Political correspondence and papers of Archibald Philip Primrose (1847-1929), 5th Earl of Rosebery, statesman and author. Edit




  • 1860-1927, undated. (Creation)


  • 216 Volumes (Whole)



  • Conditions Governing Access

    Normal access conditions apply.

  • Conditions Governing Use

    Normal reproduction conditions apply, subject to any copyright restrictions.

  • Scope and Contents

    Rosebery, styled Lord Dalmeny from the death of his father in 1851 until he succeeded his grandfather in the earldom in 1868, held various public offices including those of Under-Secretary of State for the Home Department, 1881-1883, Secretary of State for Foreign Affairs, February to July 1886, and again in 1892-1894, and was Prime Minister and First Lord of the Treasury from 5 March 1894 to 25 June 1895, remaining leader of the Liberal party till 1898.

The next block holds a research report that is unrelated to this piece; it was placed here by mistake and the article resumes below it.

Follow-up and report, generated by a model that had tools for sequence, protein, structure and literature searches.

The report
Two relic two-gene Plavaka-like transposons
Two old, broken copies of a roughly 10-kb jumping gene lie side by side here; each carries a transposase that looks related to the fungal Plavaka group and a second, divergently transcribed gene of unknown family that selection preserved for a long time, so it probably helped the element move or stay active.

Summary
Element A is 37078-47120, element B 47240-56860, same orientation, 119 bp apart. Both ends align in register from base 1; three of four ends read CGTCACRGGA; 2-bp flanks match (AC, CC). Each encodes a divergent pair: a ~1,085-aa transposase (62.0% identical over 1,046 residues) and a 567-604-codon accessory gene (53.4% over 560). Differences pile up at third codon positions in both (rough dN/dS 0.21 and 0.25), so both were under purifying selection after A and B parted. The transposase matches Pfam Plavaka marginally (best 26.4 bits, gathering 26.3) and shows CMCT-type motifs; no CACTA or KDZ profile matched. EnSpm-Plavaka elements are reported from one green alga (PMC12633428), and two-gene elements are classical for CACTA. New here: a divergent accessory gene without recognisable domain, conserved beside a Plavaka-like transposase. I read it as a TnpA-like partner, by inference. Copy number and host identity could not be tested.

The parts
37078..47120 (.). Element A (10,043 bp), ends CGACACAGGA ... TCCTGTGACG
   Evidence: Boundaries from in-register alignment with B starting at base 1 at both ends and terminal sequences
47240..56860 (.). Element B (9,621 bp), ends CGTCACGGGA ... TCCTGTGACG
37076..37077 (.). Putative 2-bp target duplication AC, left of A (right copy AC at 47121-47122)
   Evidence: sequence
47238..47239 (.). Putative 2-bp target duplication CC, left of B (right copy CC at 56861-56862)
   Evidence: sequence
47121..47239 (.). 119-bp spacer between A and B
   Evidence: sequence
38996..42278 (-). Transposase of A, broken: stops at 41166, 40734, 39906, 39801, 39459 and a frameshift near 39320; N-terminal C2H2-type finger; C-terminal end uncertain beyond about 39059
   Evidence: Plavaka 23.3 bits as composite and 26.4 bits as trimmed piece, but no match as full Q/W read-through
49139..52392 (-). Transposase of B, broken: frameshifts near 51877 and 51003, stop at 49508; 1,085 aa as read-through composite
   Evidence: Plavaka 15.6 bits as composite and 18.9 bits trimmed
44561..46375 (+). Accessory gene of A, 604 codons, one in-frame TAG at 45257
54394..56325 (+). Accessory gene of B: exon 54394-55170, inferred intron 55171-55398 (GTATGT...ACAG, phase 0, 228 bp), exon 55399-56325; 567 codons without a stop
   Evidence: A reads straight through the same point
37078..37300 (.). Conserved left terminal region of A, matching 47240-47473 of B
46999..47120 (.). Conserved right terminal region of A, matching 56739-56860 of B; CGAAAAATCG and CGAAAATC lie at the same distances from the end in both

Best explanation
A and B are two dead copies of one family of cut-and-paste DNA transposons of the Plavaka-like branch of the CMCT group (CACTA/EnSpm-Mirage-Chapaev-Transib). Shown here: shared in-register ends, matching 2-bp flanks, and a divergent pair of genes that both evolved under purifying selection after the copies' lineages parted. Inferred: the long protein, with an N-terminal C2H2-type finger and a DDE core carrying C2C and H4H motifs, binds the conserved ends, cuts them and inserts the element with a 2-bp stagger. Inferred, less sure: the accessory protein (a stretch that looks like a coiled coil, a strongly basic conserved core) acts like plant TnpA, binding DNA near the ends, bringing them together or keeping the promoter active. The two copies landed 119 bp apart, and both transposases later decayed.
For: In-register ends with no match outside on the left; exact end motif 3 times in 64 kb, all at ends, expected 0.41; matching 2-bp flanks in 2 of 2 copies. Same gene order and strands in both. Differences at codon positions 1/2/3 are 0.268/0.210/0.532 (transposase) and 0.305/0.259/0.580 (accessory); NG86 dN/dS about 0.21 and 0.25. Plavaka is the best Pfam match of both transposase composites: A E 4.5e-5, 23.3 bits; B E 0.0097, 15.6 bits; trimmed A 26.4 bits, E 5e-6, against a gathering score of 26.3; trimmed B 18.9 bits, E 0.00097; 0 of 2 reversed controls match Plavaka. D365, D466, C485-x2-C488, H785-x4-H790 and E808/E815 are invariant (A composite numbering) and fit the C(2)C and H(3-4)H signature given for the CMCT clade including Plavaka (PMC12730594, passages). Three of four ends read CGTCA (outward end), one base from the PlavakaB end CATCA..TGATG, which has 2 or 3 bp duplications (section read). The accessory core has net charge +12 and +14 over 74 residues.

The papers consist chiefly of Rosebery's political correspondence, special and general, with files relating to Foreign Office business, honours applications, the Liberal League and other subjects. They are supplemented by a number of literary, historical and political notebooks, although it should be noted that Rosebery's personal correspondence and his diary are not included in the papers. The collection also contains papers relating to the preparation of ‘Lord Rosebery’ (London, 1931), by the Marquess of Crewe, and some miscellaneous papers of Rosebery's mother, Catherine Duchess of Cleveland.

  • Immediate Source of Acquisition

    Presented, 1966, by Lord Primrose (later 7th Earl of Rosebery).

  • Arrangement

    The papers are arranged as follows:

    MSS.10001-10070. Correspondence with individuals. MSS.10071-131. General correspondence. MSS.10132-10167. Official correspondence. MSS.10168-10178. Miscellaneous papers. MSS.10179-10193. Notebooks. MSS.10194. Printed material. MSS.10195-10205. Crewe papers. MSS.10206-10216. Cleveland papers.

  • Bibliography

    The Rosebery Papers were used extensively by the Marquess of Crewe in his ‘Lord Rosebery’ (London, 1931), and by Robert Rhodes James for his ‘Rosebery’ (London, 1963).